The news site of Glenbrook South High School.

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The news site of Glenbrook South High School.

The Oracle

The news site of Glenbrook South High School.

The Oracle

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Students take part in drug abuse among teens at music festivals

At the Electric Zoo festival held this past Labor Day weekend in Randall Island, NY, two deadly ecstasy overdoses prompted officials to cancel the final day of the festival, according to The Daily News.

In addition to New York, illegal drugs have proven to be problematic in the music festival scene in Chicago as well. According to article published in the Huffington Post, at least 10 felony drug charges were made at the Lollapalooza festival this summer in Grant Park.

Drugs seem to have been connected to music for decades, and some South students reflect on their experiences using drugs at music festivals.

Junior Jessica Davis* has used drugs at music festivals. Davis said her drug of choice at music festivals is ecstasy, which is a drug that is commonly referred to as “molly.” Although Davis acknowledges her responsibility in taking drugs at festivals, she said peer pressure also plays a factor in the decision to use drugs.

“When you hear the term music festival, you kind of just assume drugs will be there,” Davis said. “Drugs and music festivals kind of go hand-in-hand.”

According to an Oracle-conducted survey of 160 South students, 80 percent said that they or someone they know has used drugs at a music festival.

Similar to Davis, senior Tommy Snyder* has used drugs at numerous festivals and believes students choose to experiment with drugs at music festivals.

“I think that part of the reason that people who have never used drugs before start to use them at festivals is because of the hype,” Snyder said. “I also think that during this age, a lot of kids are very experimental and want to try different things. Most people think when they’re at a festival, given that they have a whole day, they think it’s safer to experiment with drugs there when in reality it’s not.”

According to sophomore Adam Mitchell*, students are more likely to use drugs at a music festival because of how common they are at the venue.

“[Drugs] are all around you at music festivals, so it makes it seem like it’s okay to use them,” Mitchell said.

Once she makes the decision to consume  drugs, Davis describes the feeling of being high at a festival as a more carefree experience than being sober.

“The vibe [at festivals] is different when you’re not sober,” Davis said. “You’re with all of your friends, having a good time, forgetting about stuff and just listening to music, not thinking about anything else.”

Like Davis, Snyder also says his drug of choice at music festivals is ecstasy. Snyder says that being under the influence of ecstasy at a music festival transforms the experience and how the music affects him.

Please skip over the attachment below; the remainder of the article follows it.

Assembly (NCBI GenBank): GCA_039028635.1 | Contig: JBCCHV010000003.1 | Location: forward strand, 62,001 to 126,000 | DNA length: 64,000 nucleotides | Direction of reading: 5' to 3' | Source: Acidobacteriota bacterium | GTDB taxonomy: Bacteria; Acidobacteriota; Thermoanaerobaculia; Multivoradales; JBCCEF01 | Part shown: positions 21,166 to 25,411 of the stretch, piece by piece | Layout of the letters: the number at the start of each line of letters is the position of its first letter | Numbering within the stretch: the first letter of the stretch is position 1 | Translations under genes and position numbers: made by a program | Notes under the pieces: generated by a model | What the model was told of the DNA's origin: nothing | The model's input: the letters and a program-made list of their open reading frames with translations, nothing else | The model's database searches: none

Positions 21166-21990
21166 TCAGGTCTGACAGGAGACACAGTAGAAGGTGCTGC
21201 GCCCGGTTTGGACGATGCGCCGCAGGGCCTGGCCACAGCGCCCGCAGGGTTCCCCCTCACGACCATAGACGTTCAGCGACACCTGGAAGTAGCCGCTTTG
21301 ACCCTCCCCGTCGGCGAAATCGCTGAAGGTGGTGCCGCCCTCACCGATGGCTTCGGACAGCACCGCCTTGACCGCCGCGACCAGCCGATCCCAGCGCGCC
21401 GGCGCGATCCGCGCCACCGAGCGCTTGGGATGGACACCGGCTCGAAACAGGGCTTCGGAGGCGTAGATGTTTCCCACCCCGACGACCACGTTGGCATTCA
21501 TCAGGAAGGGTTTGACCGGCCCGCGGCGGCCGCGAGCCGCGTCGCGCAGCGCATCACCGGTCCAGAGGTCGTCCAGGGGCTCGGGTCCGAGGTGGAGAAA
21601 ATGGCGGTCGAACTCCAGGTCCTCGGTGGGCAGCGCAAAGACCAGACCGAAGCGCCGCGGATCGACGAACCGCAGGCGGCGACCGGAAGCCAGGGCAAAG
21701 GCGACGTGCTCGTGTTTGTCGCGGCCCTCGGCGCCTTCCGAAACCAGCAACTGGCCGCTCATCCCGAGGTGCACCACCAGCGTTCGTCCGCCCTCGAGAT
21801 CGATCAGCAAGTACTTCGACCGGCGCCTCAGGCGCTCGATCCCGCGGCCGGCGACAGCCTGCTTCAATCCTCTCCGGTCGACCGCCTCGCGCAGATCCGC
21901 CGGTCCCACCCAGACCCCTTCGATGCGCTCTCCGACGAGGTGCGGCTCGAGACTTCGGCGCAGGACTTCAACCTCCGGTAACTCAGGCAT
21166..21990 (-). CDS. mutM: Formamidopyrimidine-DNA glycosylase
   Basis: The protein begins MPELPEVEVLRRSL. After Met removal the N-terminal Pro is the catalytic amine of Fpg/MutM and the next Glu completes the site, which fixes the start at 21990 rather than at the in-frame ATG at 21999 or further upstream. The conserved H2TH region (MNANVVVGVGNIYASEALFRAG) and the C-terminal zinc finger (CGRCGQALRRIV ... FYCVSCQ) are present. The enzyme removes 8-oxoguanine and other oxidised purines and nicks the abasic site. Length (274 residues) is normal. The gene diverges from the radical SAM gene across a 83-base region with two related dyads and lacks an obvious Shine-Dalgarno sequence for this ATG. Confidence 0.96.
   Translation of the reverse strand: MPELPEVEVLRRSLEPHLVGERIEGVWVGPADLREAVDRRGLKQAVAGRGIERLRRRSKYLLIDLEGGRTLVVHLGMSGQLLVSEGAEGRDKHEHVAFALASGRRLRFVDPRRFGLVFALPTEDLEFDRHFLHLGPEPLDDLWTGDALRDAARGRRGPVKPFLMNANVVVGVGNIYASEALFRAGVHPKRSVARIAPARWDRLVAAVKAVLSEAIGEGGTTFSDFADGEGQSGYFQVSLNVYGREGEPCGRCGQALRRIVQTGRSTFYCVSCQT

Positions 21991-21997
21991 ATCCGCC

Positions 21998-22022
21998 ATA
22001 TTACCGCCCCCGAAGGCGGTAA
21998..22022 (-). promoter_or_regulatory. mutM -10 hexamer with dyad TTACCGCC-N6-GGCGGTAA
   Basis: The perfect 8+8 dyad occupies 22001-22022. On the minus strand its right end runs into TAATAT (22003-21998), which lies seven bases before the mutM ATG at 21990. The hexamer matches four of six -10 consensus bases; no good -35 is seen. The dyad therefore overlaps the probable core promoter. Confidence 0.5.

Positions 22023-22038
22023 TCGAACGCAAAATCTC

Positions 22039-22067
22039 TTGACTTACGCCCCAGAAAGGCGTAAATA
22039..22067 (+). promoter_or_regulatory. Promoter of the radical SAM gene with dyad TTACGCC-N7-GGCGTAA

“Music just feels like an exaggerated force that runs entirely through my body [while under the influence of ecstasy],” Snyder said. “Ecstasy in general turns a festival from just an experience into a full-body experience.”

Despite his choice to use, Snyder does recognize the dangers that come with using drugs at festivals.

“Even if the danger [turns out to be] miniscule, […] you still have the other possible dangers, like overdosing or dying,” Snyder said.

According to, drugs such as “molly” can cause dehydration through vigorous activities in a hot environment, such as summer festivals. “Molly” also interferes with the body’s ability to regulate its temperature and possibly cause hyperthermia which can lead to serious heart and kidney problems, or even death. When drugs are taken in high doses or within a short time period to maintain the high, high levels of the drug in the blood stream can increase the risk of seizures as well.

According to Davis, when purchasing drugs at a music festival, buyers need to be aware of what exactly they are purchasing to avoid potential dangers.

“You never really know what’s in [the drug],” Davis said. “You’re not positive that it’s what you want. There is a chance that you can buy something that doesn’t work or you can buy something that knocks you out.”

Davis said that she is conscious of the dangers of using drugs at music festivals, but she uses them despite the risks.

“I definitely think about [the dangers of drugs] before I use,” Davis said. “But when it comes down to it and I’m standing there with it in my hand, in the back of my head I’m saying ‘no,’ but in the moment I’m thinking, ‘just go ahead.’”

Though junior Ryan Chang* admits to smoking marijuana at music festivals that he has attended in the past, he believes that certain drugs are more dangerous to consume at music festivals than others.

“I think that using drugs such as molly or drinking alcohol is dangerous at music festivals,” Chang said. “[Even though] I do not think smoking weed at festivals is dangerous, […] I do not depend on drugs to have a good time at festivals. I can still enjoy [the festival] without them.”

*Names have been changed.

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